“My Lord.” It was Barrister Jude again, from HRCRC.

“This man was charged for theft and had been reminded in prison for 2 years without trial. I’m asking for his bail.”

“What’s his offence?” The CJ inquired.

“What did he steal?”

“A fowl.”

“A fowl?”

“Yes my Lord. Just a fowl!”

Laughter rippled across the room with many mooning the charge. For stealing a fowl, an individual had spent 2 years in jail and without trail.

“But stealing is stealing, whether fowl or cow or towel”.

One young man seated directly behind me whispered those words. He must have been one of such fellows who proudly arrogated to themselves, the title of ‘learned colleague’. Gosh! I had always wondered what fate the rest of us who studied under different disciplines had if they and their colleagues remained the only learned ones.

“Order!” the Clerk ordered again. As usual, his Lordship was busy scripting.

“Young man. If you’re released, will you go about stealing fowl or anything again?” The CJ spoke, looking up from his pad. In response, the prisoner mumbled out a word that sounded like no.

“Eh?” the Judge quipped. Perhaps, he had not heard very well the prisoner’s response.

“No sah!”

It came rather too quick and strong. But it was genuinely remorseful.

“…you are hereby discharged”.

“And don’t go out there making troubles because if I hear anything; I’d make sure you rot in jail.”

“Thanku sah”, “thanku sah”.

The man’s head, hands and lips were raining the words as he made his way out of the courtroom into the prison yard.

Then, the court had had another fun again. A fowl must have been a really funny item to shoplift in any stall or market!

“My Lord.”

It was the Chief Welfare Officer of the prison who spoke this time.

“If you will permit me, I would like to mention a case please”.

The CJ consented and the warder went on.

“It is about one prisoner, Onyeka Uche”.

One of the clerk immediately rose and scrolling through the list, he provided the full information of the prisoner. Onyeka was then led into the court and positioned at the prisoner’s stand.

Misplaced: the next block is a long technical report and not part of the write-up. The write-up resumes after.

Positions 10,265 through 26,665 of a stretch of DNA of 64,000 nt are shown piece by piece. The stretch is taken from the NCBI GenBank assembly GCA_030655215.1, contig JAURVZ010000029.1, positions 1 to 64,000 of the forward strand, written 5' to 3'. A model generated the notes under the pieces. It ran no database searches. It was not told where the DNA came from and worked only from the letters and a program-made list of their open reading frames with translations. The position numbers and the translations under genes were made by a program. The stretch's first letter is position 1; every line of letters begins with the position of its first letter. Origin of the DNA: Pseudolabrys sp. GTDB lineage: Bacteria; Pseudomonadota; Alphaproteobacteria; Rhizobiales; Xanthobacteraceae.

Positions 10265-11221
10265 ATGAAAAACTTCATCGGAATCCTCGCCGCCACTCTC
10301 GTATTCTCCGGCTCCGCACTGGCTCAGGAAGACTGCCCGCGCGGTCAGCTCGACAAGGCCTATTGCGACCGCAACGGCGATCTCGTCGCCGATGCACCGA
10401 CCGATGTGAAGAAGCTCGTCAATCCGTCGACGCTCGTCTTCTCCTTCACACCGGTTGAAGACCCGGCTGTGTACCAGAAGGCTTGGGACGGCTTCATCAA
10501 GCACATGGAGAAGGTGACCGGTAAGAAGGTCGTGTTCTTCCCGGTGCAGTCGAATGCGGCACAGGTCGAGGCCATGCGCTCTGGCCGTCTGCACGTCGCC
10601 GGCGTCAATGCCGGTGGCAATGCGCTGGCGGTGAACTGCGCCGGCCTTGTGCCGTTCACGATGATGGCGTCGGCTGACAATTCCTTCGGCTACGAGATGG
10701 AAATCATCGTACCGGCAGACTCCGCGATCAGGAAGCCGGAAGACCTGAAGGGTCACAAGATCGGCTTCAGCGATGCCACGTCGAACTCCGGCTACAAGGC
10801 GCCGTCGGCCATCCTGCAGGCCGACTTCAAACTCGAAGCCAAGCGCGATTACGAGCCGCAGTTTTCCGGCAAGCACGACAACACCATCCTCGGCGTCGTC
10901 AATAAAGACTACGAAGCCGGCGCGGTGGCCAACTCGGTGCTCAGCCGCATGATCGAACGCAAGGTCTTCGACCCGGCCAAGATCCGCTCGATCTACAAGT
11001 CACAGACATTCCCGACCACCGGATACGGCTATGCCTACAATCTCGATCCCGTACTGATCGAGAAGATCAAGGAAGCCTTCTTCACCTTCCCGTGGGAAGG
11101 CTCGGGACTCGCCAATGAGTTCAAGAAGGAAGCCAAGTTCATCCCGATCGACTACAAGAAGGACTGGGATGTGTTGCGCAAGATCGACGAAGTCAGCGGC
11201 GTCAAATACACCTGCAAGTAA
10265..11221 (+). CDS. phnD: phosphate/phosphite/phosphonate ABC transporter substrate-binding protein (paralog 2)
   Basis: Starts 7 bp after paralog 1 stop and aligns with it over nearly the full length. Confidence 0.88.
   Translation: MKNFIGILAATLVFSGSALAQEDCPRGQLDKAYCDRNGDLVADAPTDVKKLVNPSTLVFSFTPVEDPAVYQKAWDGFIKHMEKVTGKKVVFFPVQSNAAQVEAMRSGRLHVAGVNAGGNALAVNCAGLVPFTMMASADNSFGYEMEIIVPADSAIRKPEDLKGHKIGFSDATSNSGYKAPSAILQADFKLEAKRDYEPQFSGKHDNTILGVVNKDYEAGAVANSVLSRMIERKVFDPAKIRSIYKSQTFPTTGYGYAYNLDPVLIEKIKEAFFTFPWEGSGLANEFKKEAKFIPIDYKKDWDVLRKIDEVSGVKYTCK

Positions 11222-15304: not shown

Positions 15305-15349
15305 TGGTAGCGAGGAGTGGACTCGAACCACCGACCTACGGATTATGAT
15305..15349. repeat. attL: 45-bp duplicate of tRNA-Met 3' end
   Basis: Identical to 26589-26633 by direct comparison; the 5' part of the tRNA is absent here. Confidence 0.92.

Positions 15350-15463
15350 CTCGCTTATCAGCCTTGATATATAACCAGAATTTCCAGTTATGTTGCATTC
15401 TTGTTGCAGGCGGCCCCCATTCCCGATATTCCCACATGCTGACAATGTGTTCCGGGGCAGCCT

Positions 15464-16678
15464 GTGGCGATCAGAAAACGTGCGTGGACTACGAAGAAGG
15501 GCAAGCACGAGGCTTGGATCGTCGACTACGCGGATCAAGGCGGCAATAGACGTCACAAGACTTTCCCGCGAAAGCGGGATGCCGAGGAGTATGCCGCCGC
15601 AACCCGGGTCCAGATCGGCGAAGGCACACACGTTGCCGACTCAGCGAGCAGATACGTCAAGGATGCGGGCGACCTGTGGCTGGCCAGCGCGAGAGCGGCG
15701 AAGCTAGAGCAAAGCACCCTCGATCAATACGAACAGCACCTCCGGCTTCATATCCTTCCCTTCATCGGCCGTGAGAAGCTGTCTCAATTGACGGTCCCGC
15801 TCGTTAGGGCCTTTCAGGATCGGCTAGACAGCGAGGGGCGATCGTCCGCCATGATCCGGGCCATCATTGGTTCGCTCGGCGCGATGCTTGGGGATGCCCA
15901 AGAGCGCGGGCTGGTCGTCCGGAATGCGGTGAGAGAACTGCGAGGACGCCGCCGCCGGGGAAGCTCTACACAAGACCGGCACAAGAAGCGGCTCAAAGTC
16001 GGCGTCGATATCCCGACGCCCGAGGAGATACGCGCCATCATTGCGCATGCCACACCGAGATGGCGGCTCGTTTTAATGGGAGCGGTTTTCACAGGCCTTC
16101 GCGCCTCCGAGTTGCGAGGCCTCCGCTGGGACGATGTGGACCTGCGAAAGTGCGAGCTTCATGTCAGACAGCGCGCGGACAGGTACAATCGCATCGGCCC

“My Lord”.

This time, it was one of the lawyers, from the other corner of the room that spoke up.

“I’m Barr. Benson Obi, ESQ. I’m asking for the prisoner’s discharge given the nature of his offence and the terms he has spent in the prison.”

“What’s the offence counsel?”

“It’s court contempt my Lord, and he’s spent 7 months”.

“7 months?”

“Yes my Lord.”

The Chief Justice became furious. It shocked him that one of his magistrates could retain an individual in jail beyond the legal term allowed for such a case. As if to douse any doubt about the maximum sentence for such a case, he took his time to read out the section of the law which stipulates that an individual convicted of court contempt cannot be retained beyond three months. In this particular case however, the man was rather thrown in the prison without a clear pronouncement of sentence and thus, left in the prison for 7 good months.

“Tell his magistrate that he must see me and explain why he would do such a thing”, the CJ ordered.

We all had our time nodding our head. I wondered what sort of explanations the concerned magistrate would give for such obvious abuse of office.

“Having served beyond the term permitted for this crime, you are hereby discharged”.

Unlike the others, the man in question walked out unceremoniously and went his way while being followed closely by the prison warder attaché.

 

Dominic is a nascent Nigerian writer with interests in poem, prose and essays. Some of his works have appeared in Afreecan Read, Pulse.ng, Words Rhymes and Rhythm, myNews24.com, and Poemhunters. Dominic works with Human Rights and Conflict Resolution Centre in Abakaliki and can be contacted via okolikoda@outlook.com or on twitter @Ayedom1

 

Wayfarer’s Song (For my father, died 1988)

By Zondiwe Mbano

They told me the day is long,
But the walk will be short

My father, I walked the day,
Sunset overtook me walking

They told me to light a match,
It will chase away darkness

My father, I have seen motes
Of darkness smothering light

They told me to plunge deep,
The water would not be cold

My father, I plunged: didn’t I
Faint? The water was biting

Now my teeth chatter, my ears
Buzz, and my heart is numb

Bruce Zondiwe Mbano is a lecturer in the Department of Language and Communication Skills at Chancellor College. He has authored short-stories, plays and poems, some of which have been published in The Fate of Vultures(BBC prize-winning poetry), Heinneman and The Haunting Winds(published by Dzuka). His poem The Viphya won second prize in the 2000 Peer Gynt Literally Award. Mbano’s has published beautiful poems on Afreecan Readincluding, Eyes of AgeRoad to Emmaus and The Breadwinner.

Faces in the Garrison

Image result for deep eyes

 

By   Dominic Ayegba Okoliko

Keep your gaze on
and look through in the deep.
Let it run up the hill
and down the mountain trail.
See through the green leaf scale
and in the dewdrops on the field;
here and there is beauty unfolding,